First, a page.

‘It’s about time’: new wave of black media, why it matters

Photo courtesy of Disney|ABC Television Group Summer Press Tour 2016

Story by Anika Boyce / Contributing Writer

Black directors, actors and writers have been making major strides in the entertainment industry lately. “Insecure,” a comedy-drama series directed by Issa Rae, portrays the struggles and reality of everyday black women. The sitcom “Black-ish,” created by Kenya Barris, shows an African-American family that tries to claim their cultural identity in a predominately white environment. Justin Simien’s “Dear White People”  follows the lives of black students at a mostly white college. And the list continues.

Black directors and actors are also breaking records in the box office with films like “Black Panther,” directed by Ryan Coogler, and “A Wrinkle in Time,” directed by Ava DuVernay.

Andria Peterson, a 19-year-old theater student at Middle Tennessee State University, is looking to pursue a career in acting. She says she’s inspired by the on-screen representation for black people.

“As someone pursuing a career in the entertainment business, all of this positive representation makes me feel like I can actually succeed in the industry,” she said. “Growing up, I had two or three shows to watch that showed people like us. It’s great to see some progress.”

So what sparked this increase in visibility?

“I think we’re at a time where networks are realizing that in order for them to get eyeballs on the screen, they have to have people on those screens who look like their audience,” said Jennifer Woodard, a journalism professor who teaches about race, class and gender at MTSU.

Another possible reason for the increased representation is that there are numerous platforms like Netflix that are determined to add diversity in the content that they are producing.

“It’s great that there are more chances for black people in the entertainment business,” said Kayla Reynolds, a children’s theater teacher and Nashville resident. “It’s about time. When I was a teen, all we had was ‘Moesha.’ The people creating, directing and acting in these shows are showing younger kids that they can go even further. Positive representation is well-needed.”

A recent emphasis on fighting for equality has allowed many budding stars to find their place in the entertainment industry. University of South Carolina professor Stacy Smith is responsible for coming up with the idea of an “inclusion rider,” a contract aimed to include more minorities, women and LGBT cast and crew members. After actress Frances McDormand famously mentioned inclusion riders at the Academy Awards, many actors and actresses have agreed to have an inclusion rider for their projects.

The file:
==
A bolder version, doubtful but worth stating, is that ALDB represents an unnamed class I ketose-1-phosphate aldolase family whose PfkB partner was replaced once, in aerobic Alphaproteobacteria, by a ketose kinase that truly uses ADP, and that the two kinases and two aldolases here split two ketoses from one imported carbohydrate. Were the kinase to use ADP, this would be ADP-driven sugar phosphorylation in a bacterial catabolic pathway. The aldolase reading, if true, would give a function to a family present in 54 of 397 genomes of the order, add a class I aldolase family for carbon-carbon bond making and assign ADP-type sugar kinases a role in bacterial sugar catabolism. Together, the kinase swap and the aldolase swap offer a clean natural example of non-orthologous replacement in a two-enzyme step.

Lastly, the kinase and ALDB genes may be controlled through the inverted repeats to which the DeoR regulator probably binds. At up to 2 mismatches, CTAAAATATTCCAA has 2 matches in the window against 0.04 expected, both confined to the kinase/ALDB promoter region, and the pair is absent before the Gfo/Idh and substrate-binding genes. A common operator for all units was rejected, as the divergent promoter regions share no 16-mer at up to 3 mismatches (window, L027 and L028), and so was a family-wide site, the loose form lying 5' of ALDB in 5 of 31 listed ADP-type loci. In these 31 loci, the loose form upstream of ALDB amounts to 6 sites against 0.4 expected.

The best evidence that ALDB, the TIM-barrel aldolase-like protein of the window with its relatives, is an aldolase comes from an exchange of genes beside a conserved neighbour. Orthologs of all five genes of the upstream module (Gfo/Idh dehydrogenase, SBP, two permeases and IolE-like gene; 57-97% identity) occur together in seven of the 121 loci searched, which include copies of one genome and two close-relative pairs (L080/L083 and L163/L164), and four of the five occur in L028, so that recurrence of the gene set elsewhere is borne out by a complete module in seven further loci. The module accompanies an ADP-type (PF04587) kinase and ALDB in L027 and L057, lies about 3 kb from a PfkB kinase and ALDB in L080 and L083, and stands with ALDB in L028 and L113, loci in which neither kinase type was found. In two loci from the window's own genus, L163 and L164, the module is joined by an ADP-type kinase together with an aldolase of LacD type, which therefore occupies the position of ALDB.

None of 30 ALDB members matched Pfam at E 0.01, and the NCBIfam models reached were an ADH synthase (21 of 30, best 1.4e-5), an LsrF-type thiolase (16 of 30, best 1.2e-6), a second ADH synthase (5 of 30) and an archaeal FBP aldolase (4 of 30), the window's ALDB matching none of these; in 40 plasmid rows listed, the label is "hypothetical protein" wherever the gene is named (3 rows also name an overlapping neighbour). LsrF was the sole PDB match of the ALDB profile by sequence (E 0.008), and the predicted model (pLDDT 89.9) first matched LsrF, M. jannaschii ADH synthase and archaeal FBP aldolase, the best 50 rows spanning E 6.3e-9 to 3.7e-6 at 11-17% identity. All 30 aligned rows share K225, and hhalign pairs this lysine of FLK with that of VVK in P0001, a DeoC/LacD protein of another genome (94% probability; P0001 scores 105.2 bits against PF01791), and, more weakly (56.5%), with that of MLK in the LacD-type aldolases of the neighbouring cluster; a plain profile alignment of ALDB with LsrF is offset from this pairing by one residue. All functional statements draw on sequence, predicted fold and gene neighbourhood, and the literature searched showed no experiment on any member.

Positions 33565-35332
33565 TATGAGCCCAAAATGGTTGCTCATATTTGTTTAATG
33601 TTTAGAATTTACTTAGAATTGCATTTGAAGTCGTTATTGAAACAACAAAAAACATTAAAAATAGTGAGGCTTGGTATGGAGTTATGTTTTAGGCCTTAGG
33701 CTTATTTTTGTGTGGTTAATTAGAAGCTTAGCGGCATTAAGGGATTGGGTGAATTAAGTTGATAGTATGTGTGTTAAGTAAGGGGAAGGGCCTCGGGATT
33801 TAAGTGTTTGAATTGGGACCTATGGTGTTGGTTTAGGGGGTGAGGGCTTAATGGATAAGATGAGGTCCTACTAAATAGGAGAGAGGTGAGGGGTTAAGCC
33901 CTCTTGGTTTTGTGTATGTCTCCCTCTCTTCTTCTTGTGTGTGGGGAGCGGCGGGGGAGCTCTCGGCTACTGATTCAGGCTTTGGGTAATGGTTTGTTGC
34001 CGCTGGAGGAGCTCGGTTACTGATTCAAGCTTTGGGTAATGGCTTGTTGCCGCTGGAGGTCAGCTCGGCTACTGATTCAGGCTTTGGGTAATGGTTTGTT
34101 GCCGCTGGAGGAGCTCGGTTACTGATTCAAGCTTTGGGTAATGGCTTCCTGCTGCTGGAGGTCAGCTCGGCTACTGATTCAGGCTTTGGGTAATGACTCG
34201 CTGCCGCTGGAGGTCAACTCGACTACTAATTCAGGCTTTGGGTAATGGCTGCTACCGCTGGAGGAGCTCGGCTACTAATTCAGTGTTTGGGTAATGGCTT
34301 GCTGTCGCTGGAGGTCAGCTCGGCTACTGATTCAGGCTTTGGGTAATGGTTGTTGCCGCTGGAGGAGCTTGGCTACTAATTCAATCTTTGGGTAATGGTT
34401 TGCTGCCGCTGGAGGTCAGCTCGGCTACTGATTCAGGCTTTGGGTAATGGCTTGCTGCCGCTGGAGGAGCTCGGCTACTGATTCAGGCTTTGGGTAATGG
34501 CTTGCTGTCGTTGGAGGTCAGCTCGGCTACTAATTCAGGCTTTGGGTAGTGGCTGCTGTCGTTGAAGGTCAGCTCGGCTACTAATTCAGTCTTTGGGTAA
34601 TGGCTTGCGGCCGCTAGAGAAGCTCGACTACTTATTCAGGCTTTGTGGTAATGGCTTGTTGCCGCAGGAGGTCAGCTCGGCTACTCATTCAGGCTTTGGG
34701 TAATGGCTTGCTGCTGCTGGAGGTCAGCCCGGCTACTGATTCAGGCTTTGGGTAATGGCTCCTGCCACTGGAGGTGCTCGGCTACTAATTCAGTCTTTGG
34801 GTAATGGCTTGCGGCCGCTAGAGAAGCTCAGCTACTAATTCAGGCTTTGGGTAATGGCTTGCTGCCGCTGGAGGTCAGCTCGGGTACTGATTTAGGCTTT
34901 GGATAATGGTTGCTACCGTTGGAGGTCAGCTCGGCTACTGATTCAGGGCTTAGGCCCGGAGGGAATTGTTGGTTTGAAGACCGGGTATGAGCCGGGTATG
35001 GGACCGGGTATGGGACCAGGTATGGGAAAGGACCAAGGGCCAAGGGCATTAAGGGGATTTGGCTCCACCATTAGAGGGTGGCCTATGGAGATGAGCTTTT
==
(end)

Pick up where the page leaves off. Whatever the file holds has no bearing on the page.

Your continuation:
Another reason for this new wave might be because viewers are constantly searching for new content.

“There are so many more shows on television now that focus on black people and black life,” said Xavier Williams, a 22-year-old Nashville resident. “I think it’s because people are tired of seeing the same old storylines. Black creatives are making undeniably good and new material, and everyone loves it.”  

This representation of black entertainment is also creating more black entertainers and inspiring them to go after their dreams.

“I know it’s given me hope, so I hope it’s doing the same for children and everyone else looking to pursue a career in the industry,” Peterson said.

Click here to view a timeline of the evolution of black television.

To contact Lifestyles Editor Sydney Wagner, email lifestyles@mtsusidelines.com.

For more updates, follow us at www.mtsusidelines.com, on Facebook at MTSU Sidelines and on Twitter at @Sidelines_Life.

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1 Comment

  1. Avatar
    Julia Tiller
    May 28, 2018

    The increase in availability of black media is definitely noticeable and awesome. I agree with the quote from Professor Woodard that being able to see someone similar to yourself onscreen- whether it’s skin color, sexuality, disability, or something else underrepresented- is a big incentive for viewers.

    I’d read about inclusion riders after Frances McDormand mentioned them at the Oscars but completely forgot about them since, so it’s nice to see that other actors are including them in their contracts. I definitely agree that viewers looking for more content could be a big influence- with the idea of binge-watching so prevalent, it’s common to try to get through a show as fast as possible and the faster you finish one thing, the sooner you have to find something else.

    The timeline linked at the end was also helpful, and really helps illustrate the article’s point even though it’s only focused on shows that center on black families specifically and not other predominantly black shows like Atlanta or Dear White People.

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